|Jacques d’Amboise, choreographer and National Dance Institute founder, leads a dance group at Radcliffe in 1999. (Joanne Rathe/Globe Staff/File 1999)|
A ballet legend dances through the stages of his life and art
In his captivating new memoir, “I Was a Dancer,’’ Jacques d’Amboise recounts a story that beautifully illustrates his reach as a teacher. On a packed subway train in Manhattan, he suddenly noticed the people around him retreating. “Staring at me was a ferocious toughie. As eye contact is something to avoid in the subway, my fellow passengers had inched away nervously. The thug spoke up, ‘I was a tomato. . . . It was great.’ ’’ Not quite the expected confrontation, and d’Amboise was heartened to realize he was referring to one of his extraordinary children’s dance shows, this one featuring students from PS 40 as dancing vegetables.
As the founder and head of the National Dance Institute from 1976 until his retirement in 1994, d’Amboise got children dancing all over the world (more than 2 million so far and counting) through teaching, outreach programs, and vivid dance extravaganzas on prestigious international stages. He has won numerous awards, and the documentary about his work, “He Makes Me Feel Like Dancin’,’’ won an Academy Award. If the National Dance Institute were his only legacy, that would be plenty.
For balletomanes, however, d’Amboise is also a vibrant living link to the early days of New York City Ballet and the extraordinary career of George Balanchine, who is almost as much a central figure in “I Was a Dancer’’ as d’Amboise himself. D’Amboise was a principal dancer with the New York troupe for more than three decades, entering the company at 15, and the memoir traces his remarkable life partnering the legendary ballerinas who became Balanchine’s muses, including his “artistic sibling’’ Melissa Hayden, Maria Tallchief, Tanaquil Le Clercq, Allegra Kent, and Suzanne Farrell. Balanchine choreographed more ballets for d’Amboise than any other dancer.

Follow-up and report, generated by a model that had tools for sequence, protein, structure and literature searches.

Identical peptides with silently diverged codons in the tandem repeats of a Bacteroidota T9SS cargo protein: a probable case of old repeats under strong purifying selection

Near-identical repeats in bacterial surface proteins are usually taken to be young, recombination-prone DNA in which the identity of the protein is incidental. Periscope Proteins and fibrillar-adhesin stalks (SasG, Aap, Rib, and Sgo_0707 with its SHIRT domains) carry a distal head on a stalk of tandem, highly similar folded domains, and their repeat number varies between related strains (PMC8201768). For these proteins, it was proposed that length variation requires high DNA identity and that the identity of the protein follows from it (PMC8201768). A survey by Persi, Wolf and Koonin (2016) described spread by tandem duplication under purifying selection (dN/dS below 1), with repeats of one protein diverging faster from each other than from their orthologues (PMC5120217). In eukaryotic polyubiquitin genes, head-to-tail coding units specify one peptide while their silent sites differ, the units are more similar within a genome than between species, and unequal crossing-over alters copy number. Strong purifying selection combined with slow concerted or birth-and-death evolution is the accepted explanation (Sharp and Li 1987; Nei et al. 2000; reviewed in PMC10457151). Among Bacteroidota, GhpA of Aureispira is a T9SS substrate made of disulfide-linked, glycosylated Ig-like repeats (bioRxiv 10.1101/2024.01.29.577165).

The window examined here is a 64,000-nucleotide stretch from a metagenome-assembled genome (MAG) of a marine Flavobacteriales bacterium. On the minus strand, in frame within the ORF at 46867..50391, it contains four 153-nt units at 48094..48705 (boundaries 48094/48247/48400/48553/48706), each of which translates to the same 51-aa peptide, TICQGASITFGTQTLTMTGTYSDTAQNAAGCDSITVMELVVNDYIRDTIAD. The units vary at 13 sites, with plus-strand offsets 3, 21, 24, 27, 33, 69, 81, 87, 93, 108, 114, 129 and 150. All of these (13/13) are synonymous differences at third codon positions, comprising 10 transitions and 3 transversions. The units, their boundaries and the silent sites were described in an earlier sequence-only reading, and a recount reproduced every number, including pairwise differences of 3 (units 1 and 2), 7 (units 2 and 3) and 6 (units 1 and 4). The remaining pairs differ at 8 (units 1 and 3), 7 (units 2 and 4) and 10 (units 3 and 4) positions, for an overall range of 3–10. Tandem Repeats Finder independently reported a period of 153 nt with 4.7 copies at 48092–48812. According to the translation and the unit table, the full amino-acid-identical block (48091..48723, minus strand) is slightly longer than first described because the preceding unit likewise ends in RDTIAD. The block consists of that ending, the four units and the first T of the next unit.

Anecdotal and episodic, the book zigzags back and forth in time, “a buffet of stories about the experiences and relationships that shaped me as a person, dancer, and teacher.’’ D’Amboise writes with a chatty, personal style, confiding in tone and revealing a lively sense of humor. He tells tales about his family, his New York ballet cohorts, and the creative visionaries with whom he worked, from Lincoln Kirstein to choreographers like Jerome Robbins, Frederick Ashton, Antony Tudor.
He starts at the beginning, charmingly tracing a slightly offbeat childhood shaped by the resourcefulness and “volcanic energy’’ of his tiny, French-Canadian mother, who changed his name from Ahearn to the more artsy, exotic-sounding d’Amboise. He got his love of stories from his Irish father, at one time the personal telegraph operator for Joe Kennedy. Born in 1934 in Dedham, d’Amboise and his family endured a number of moves, even homelessness, as Pop struggled to find jobs after the telegraph became obsolete. They finally ended up in New York City, where young Jacques was dragged along to his sister’s ballet classes and cleverly manipulated into studying the art form himself. From the nurturing environment of Madame Seda’s Dance Academy, he graduated to Balanchine’s School of American Ballet, “a laboratory of theater and dance that would shape and influence the performing arts in this country for the rest of the century.’’
And there the book gets thoroughly engrossing. As he traces his own development as a dancer, his stories reflect the evolution of ballet in America. Tour triumphs and horror stories are interposed with fascinating character descriptions of seminal artistic figures — the troubled genius of Kirstein, the artistic passion of Balanchine, a hilarious portrait of Virgil Thompson, “an ancient baby.’’
The memoir leaves some big holes and questions, mostly regarding the impact of the National Dance Institute, that sent this reader traipsing off to
Karen Campbell, a freelance writer based in Brookline, can be reached at Karencampbell4@rcn.com.